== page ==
By Andrew A. Smith

Contributing editor

If you ever hear a comics fan whine about “the good old days,” Comics Buyer’s Guide gives you permission to swat them with a copy of The Standard Catalog. Being a comics fan just keeps getting better and better, as evidenced by the big stories of 2012. Here are some stories that caught our eye:



Not content with devouring The Muppets (2004), Pixar (2006, including the “Toy Story” franchise) and Marvel Entertainment (2009), The Walt Disney Co. bought Lucasfilm in 2012 – and immediately announced three more Star Wars movies.


Wall Street and other financial analysts hailed the move as brilliant. Disney has long been looking to expand beyond its lock on the princess market, and the Star Wars franchise – like Marvel before it – brings lots of young male eyes to the House of Mouse. 


“For about the same purchase price [as Marvel], Disney is buying another big, young male skewing franchise to expand its diversification from young females,” Barton Crockett of Lazard Capital Markets told The Hollywood Reporter Oct. 31. “Lucasfilm's $215 million in licensed merchandise fees is comparable to pre-acquisition Marvel, but has more room for a Disney boost from insourcing and expanding international as Lucas’ mix is under 40 percent international versus Marvel's over 40 percent.”


What that gibberish means in layman’s terms is that Disney will suffer in the short term but looks to expand its market – and profits – ferociously over the long term. For example, the bad news is that the price tag was $4.05 billion, which adds to Disney’s debt, and to date the Star Wars movies have earned only $4.8 billion at the box office. 


But the franchise overall has generated an estimated $30.5 billion in its 35-year history, according to, and is creating new revenue streams all the time, from cartoons to Lego to action figures.  Licensing generated $3 billion in 2011 alone,  said, which means it won’t take long for Disney to work off that debt. Plus, the deal includes Industrial Light and Magic, Skywalker Sound and LucasArts (which produces videogames and online content).


And, honestly, Disney is doing just fine. Thanks to the Avengers movie (see below), Disney has enjoyed the largest quarterly earnings in the company’s history. Earnings were up 31% over the same quarter last year, according to, which means a profit of $1.8 million for the last three months alone.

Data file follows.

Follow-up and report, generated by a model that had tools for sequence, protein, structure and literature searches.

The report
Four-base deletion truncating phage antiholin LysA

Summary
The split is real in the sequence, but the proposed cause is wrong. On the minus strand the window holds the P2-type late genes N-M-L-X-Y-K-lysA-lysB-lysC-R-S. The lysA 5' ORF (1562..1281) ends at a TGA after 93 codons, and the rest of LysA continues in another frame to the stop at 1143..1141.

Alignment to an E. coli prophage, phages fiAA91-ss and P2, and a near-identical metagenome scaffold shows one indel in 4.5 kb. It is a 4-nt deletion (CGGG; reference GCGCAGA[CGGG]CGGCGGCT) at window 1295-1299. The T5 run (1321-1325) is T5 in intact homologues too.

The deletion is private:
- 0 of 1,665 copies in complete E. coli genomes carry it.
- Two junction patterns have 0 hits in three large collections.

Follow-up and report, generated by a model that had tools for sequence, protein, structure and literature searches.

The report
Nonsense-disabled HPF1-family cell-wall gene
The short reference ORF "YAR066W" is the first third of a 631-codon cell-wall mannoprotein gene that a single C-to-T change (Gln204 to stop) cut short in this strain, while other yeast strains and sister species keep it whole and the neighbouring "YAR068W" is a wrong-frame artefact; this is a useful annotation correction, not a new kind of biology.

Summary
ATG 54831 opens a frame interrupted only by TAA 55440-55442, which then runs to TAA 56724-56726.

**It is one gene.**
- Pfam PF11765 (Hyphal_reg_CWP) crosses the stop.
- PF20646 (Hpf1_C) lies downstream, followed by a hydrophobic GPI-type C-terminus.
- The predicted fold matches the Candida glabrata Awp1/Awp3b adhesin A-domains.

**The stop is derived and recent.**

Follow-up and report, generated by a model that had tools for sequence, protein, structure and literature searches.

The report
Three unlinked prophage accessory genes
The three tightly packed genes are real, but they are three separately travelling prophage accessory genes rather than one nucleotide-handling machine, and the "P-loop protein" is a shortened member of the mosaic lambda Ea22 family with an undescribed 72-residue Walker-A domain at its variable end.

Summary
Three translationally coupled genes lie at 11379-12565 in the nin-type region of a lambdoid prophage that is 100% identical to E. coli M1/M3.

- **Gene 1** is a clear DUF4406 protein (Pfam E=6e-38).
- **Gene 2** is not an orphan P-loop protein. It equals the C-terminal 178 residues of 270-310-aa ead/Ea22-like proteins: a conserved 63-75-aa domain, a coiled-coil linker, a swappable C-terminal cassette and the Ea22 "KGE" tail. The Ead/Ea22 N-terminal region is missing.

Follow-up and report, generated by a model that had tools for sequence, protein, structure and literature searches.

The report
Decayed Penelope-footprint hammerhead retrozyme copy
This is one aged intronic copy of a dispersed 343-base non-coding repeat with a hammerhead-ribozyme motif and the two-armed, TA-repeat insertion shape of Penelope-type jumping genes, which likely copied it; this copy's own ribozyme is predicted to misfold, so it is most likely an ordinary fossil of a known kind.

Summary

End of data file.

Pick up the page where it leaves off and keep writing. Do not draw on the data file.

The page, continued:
Lucasfilm also includes the Indiana Jones franchise, which Disney seems less interested in pursuing. The franchise skews older, for one thing, and age is a factor among all the principals (including 70-year-old Harrison Ford). A fifth Indiana Jones movie could still happen, but Indy fans may have to content themselves with comics and theme-park rides.


As to the new Star Wars film trilogy, Disney has scheduled the first to appear in 2015, followed by the two others in two-three year intervals. Michael Arndt (Toy Story 3) has already been hired to write the screenplay for the so-far-unnamed Star Wars Episode VII, which will reportedly take place after Star Wars Episode VI: Return of the Jedi. Some time will have passed between films to accommodate the aging of Carrie Fisher, Ford, and Mark Hamill, whom the Nov. 23 Entertainment Weekly reports are all game for another go – this time, in all likelihood, as supporting characters.


Meanwhile, Hollywood Reporter announced Nov. 20 that Lawrence Kasdan (The Empire Strikes Back, Raiders of the Lost Ark) and Simon Kinberg (X-Men: The Last Stand) have been hired to write and produce the eighth and ninth installments, respectively.


One obvious question is the future of the Star Wars comic-book franchise, currently located at Dark Horse. Will Disney allow that situation to pertain, given that it owns Marvel Entertainment, the publisher that brought Star Wars to comics in 1977? Disney isn’t talking, and published this vague statement from Dark Horse CEO Mike Richardson: “Dark Horse and Lucasfilm have a strong partnership which spans over [sic] 20 years, and has produced multiple characters and storylines which are now part of the Star Wars lore. Star Wars will be with us for the near future. Obviously, this deal changes the landscape, so we'll all have to see what it means for the future.” Stay tuned.


A question that has already been answered is the fate of Star Wars: The Clone Wars. That animated show will move from Cartoon Network to Disney XD after this season, when the current contract conveniently expires.


And what of George Lucas, the Jedi Master of the Star Wars franchise?  reports he will remain as a “creative consultant” on the films, whatever that means. And he will donate the $4.05 billion he will receive from Disney to a foundation focuses on education, according to Ya gotta give George major props for that, even if he does think Greedo shot first.